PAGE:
Patrick Lencioni, author of Five Dysfunctions of a Team, talks about the absence of trust being the first dysfunction. Members of great teams trust one another on a fundamental, emotional level, and they are comfortable being vulnerable with each other about their weaknesses, mistakes, fears, and behaviours. They get to the point where they can be completely open with one another, without filters.
When I first read this it made complete sense and I smugly sat back confident that we have it nailed. Confident we not only have it nailed at Threedom, but also with the vast majority of our clients, because I think I do show weakness and vulnerability. I will admit mistakes. Then I dug a bit deeper……
What I realised was that yes we do have it at Threedom, but we are a small team, with a very similar outlook on work and business. Therefore by default, it is easier to create that trust. What I’ve realised, is that where we do have it with clients, business partners or suppliers, the working relationship is more productive, effective and fun!
Ever inquisitive I started to wonder why?
What gets in the way of trust?
- Previous experiences, assumptions and generalisations - Our previous experiences will always influence current practice. If you’ve never benefitted from a team based on trust then there’s a risk you don’t know even know what it looks like.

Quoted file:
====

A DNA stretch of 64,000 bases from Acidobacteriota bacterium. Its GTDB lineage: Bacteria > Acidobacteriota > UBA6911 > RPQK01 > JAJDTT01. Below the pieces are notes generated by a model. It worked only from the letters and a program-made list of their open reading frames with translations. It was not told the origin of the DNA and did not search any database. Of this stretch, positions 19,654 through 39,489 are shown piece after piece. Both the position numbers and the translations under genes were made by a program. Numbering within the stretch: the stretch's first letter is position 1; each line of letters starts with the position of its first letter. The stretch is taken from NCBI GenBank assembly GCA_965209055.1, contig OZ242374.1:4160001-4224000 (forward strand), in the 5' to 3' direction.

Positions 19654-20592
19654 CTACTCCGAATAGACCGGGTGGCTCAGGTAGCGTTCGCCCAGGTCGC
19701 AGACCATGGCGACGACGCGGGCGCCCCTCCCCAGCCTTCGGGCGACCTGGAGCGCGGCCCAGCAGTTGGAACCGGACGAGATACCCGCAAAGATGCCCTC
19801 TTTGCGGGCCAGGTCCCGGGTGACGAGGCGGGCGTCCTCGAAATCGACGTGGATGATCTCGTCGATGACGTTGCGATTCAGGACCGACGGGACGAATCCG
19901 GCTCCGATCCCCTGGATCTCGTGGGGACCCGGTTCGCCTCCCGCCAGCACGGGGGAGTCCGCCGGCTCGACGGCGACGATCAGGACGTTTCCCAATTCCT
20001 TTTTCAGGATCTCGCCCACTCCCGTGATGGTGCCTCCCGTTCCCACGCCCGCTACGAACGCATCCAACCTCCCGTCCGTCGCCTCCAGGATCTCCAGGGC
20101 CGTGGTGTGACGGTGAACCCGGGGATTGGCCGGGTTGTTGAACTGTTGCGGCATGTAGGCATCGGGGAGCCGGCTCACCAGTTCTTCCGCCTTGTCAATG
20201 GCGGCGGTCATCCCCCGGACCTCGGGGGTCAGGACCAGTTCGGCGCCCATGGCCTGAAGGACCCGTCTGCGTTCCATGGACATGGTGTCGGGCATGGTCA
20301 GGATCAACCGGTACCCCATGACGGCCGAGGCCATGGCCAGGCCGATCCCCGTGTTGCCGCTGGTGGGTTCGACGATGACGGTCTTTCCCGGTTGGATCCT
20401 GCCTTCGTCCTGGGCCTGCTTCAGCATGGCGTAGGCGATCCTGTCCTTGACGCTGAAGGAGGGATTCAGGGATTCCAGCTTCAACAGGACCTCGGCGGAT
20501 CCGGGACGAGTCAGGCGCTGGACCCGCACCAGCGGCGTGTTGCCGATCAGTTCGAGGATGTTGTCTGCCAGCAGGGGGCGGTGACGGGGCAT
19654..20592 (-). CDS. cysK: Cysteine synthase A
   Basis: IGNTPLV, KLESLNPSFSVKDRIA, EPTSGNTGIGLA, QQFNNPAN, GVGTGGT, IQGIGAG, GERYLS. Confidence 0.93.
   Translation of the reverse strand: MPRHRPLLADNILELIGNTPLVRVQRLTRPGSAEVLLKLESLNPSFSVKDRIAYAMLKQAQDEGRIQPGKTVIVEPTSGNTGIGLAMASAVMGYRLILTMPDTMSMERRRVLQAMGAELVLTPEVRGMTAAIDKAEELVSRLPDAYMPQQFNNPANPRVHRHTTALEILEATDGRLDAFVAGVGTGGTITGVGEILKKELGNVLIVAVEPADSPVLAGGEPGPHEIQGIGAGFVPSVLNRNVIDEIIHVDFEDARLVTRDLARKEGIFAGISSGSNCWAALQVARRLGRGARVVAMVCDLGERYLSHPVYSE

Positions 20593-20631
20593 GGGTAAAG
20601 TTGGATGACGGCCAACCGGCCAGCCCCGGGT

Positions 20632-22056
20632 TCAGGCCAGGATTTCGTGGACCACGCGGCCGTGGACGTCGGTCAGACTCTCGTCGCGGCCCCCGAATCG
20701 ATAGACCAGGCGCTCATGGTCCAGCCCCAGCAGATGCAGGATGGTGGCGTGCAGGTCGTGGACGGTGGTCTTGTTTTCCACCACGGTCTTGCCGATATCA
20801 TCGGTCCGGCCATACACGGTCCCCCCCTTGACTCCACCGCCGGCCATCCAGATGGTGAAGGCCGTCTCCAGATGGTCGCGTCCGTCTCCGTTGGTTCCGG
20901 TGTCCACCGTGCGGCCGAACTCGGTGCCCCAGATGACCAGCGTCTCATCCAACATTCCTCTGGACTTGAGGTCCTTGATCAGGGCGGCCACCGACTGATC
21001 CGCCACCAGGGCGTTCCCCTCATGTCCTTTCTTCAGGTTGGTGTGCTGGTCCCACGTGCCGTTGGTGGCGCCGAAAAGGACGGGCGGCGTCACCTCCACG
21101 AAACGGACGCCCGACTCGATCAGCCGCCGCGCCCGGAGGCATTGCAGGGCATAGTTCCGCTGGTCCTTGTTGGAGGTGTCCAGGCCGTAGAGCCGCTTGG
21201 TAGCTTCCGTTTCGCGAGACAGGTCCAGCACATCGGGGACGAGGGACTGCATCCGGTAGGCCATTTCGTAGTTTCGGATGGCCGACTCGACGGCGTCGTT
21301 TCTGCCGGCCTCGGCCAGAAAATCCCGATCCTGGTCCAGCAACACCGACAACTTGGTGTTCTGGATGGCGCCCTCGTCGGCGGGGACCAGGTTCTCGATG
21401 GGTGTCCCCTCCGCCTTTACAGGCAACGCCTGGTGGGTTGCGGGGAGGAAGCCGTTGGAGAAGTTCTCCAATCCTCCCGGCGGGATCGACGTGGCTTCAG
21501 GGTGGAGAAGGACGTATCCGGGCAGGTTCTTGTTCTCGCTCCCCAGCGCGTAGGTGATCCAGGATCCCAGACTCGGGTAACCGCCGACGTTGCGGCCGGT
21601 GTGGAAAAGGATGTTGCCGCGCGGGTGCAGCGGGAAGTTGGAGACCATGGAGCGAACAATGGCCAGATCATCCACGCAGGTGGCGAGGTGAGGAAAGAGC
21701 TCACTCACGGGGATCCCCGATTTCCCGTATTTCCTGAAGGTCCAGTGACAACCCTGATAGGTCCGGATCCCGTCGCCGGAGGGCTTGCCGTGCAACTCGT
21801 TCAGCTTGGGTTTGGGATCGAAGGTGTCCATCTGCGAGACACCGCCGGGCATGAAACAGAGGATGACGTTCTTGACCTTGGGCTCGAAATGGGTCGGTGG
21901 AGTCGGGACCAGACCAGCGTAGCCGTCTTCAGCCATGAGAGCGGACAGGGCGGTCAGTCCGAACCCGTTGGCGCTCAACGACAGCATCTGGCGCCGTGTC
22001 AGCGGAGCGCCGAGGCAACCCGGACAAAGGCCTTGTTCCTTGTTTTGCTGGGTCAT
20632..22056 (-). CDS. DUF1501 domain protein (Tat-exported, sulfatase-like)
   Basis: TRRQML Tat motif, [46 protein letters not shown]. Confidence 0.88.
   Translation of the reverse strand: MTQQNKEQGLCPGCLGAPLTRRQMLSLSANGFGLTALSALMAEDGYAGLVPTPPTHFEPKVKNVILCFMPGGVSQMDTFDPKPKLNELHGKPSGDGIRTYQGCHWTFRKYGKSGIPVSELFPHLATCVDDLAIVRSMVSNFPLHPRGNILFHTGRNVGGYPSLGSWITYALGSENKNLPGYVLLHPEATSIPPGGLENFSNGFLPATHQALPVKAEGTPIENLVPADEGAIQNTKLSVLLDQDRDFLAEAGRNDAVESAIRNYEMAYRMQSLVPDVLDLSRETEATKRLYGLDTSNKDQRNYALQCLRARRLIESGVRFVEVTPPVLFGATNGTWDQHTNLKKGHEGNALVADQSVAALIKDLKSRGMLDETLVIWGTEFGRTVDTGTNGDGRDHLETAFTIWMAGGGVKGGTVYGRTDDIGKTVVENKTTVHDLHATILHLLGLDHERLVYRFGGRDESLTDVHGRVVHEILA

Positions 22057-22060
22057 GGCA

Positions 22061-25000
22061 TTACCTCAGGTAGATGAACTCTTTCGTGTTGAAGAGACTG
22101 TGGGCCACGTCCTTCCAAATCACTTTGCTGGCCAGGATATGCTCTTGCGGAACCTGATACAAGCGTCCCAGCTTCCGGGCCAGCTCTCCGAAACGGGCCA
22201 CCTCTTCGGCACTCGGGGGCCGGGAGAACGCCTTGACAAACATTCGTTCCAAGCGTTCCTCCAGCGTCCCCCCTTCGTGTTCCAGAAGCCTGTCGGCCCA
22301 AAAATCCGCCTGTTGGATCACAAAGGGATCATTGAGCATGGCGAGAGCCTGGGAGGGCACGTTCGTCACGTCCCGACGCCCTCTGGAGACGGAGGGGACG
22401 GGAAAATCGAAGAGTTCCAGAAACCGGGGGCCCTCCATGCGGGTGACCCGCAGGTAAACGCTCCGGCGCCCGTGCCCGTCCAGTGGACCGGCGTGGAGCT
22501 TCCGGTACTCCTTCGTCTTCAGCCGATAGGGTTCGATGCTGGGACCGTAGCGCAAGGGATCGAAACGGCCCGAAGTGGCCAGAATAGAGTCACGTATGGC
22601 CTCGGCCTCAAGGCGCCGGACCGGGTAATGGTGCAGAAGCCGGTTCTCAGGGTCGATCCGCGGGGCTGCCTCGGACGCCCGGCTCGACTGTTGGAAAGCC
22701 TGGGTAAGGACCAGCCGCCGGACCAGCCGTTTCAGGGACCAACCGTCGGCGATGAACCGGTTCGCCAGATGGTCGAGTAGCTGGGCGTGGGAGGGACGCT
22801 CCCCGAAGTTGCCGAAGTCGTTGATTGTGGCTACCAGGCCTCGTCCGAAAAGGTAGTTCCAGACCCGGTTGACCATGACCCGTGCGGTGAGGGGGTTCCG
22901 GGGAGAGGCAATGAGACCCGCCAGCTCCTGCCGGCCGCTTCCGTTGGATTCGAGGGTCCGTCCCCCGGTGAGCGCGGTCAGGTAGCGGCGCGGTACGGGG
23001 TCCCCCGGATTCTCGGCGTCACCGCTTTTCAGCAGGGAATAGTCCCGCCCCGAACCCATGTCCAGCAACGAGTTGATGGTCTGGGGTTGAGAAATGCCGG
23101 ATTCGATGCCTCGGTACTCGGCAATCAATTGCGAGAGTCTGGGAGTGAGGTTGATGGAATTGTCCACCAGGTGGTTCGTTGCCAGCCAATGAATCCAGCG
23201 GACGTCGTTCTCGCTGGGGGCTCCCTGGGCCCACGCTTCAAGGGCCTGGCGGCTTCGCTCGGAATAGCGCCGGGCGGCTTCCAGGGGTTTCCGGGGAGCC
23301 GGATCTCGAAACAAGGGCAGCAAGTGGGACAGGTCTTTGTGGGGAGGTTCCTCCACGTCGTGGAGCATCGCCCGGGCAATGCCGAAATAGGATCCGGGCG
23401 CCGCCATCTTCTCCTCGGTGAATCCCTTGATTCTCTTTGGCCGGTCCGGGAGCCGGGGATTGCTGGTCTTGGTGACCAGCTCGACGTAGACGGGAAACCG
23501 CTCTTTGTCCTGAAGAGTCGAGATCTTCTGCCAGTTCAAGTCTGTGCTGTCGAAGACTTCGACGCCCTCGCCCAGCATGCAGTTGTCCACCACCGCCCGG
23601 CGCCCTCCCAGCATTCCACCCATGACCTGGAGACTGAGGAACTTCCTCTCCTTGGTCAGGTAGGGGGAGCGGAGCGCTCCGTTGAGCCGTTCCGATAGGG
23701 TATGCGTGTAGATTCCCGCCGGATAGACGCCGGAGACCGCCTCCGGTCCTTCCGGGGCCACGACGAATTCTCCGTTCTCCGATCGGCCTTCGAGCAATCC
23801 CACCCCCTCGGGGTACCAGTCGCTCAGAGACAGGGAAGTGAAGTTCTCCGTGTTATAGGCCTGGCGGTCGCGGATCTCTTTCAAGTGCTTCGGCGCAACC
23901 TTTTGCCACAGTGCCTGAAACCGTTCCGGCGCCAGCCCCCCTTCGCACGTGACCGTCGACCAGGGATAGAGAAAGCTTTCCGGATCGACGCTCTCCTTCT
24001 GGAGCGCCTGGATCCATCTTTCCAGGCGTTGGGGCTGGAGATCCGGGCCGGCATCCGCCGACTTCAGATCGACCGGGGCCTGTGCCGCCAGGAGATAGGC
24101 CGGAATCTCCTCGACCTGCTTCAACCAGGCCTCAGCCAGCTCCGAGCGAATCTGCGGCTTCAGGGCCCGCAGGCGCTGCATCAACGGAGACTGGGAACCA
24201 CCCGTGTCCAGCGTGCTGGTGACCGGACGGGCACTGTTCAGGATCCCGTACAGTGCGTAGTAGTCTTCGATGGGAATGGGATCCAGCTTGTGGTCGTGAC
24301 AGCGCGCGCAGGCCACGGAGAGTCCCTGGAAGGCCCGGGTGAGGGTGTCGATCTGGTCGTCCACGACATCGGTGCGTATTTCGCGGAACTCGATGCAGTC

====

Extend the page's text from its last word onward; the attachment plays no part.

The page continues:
- Personal agenda - If your personal agenda is more important to you than the overall team objectives, then trust will be difficult to build.
- Arrogance and selfishness - This kind of trust is based on a desire to support and seek support. Arrogance or selfishness just gets in the way.
- Low confidence and perfectionism - Admitting mistakes, asking for help and showing vulnerability is often difficult for people with low self confidence, particularly if they are prone to seek perfection.
- Personality differences - You won’t like and gel with everyone and not everyone will like you, so when there are personality clashes in a team the trust becomes difficult to build.
- Your own moral compass - Integrity. If you don’t operate with integrity then why would people work with you from a basis of trust?
Where to start
There are clearly many reasons why trust is difficult to create and therefore why many feel it best to leave well alone and concentrate on something less emotionally challenging like the end result. If that is your take you probably have not read this far though so if you do want to make progress where should you start?
Be specific and start with yourself:
- Which team or individual do you want to work towards having a relationship based on trust with?
- What part do you currently play in the absence of trust?
- What causes you to play that part?
- What part do you think the others play?
If you would like some help sprinkling pixie dust feel free to get in touch